Add missing driver to Core1

Normally, only a selection of BM drivers are included in core1 the source tree. Interface drivers like TWI has been omitted. They need to be added back.

  1. Remove the drivers folder inside the src folder in the core1 project: right click on the drivers folder, select “Delete” in the popup menu. Click OK to confirm. (It will warning the files will be deleted from the file system, it is fine as it is an empty folder in the file system.)
  2. Add the link to the real drivers folder into the src folder: right click on the src folder, select “New → Folder.”
  3. In the popup window, click “Advanced »”
  4. Select “Link to alternate location (Linked Folder)”, and type in PROJECT_LOC/../drivers, the “Folder name” should be automatically filled with “drivers”
  5. Click finish

This should add all available drivers to the core1 project. This need to be done for core 1 only.

Core1 start-up process

Now everything should be moved to core1, some modification to the core 1 startup process is required.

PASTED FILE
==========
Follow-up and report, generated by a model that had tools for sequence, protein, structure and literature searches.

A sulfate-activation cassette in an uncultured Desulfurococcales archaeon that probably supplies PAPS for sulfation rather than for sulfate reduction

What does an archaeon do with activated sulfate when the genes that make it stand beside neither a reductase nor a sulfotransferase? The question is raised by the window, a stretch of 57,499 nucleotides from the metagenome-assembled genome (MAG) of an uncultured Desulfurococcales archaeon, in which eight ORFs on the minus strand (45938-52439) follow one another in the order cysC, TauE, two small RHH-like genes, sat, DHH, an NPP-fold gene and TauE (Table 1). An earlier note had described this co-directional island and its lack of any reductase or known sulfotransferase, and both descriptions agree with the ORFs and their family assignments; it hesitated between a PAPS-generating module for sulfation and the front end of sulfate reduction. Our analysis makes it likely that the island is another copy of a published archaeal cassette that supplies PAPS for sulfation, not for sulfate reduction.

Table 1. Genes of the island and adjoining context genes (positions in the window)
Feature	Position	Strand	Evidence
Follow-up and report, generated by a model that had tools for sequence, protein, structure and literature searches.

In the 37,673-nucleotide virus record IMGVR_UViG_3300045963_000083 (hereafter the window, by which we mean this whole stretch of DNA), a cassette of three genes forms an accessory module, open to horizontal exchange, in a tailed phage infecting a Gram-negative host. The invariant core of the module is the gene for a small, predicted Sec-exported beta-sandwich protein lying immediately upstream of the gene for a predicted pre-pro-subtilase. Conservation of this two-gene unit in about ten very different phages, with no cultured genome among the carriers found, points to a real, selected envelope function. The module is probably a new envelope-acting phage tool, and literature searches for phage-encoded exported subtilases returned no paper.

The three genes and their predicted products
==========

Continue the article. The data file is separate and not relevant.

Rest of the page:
1. Open startup_code_core1.cpp
  2. Change both falsies in line 87 and 88 to true. (Now, core 1 will initialize the system clocks and control the HADC.)
  3. Between line 107 and 108, insert a call to audioframework_initialize_core0(), before the original call to initialize function.
  4. In timer_tick_callback function (line 47), add a call to ms_tick_event_callback(), this function handles the HADC reading.

Remove things in the ARM core code (optional, for debugging with emulator)

The SHARC cores need to be enabled by the ARM core to run. If one want to debug the SHARC only application with emulator, the ARM core code is still required to just enable the SHARC cores. Open the startup_code_core0.c file in the core0 project, find the main function, delete everything except calling the adi_initComponents and enabling the cores. It should look like this:

int main(int argc, const char *argv[]) {
    while (1);

Optionally, remove all unrelated files.

Configure the IDE to generate LDR file only for SHARC cores

You would need to build the project at least once before continue on.
  1. Right click on the core1 project, select Properties.
  2. Navigate to “C/C++ Build → Settings”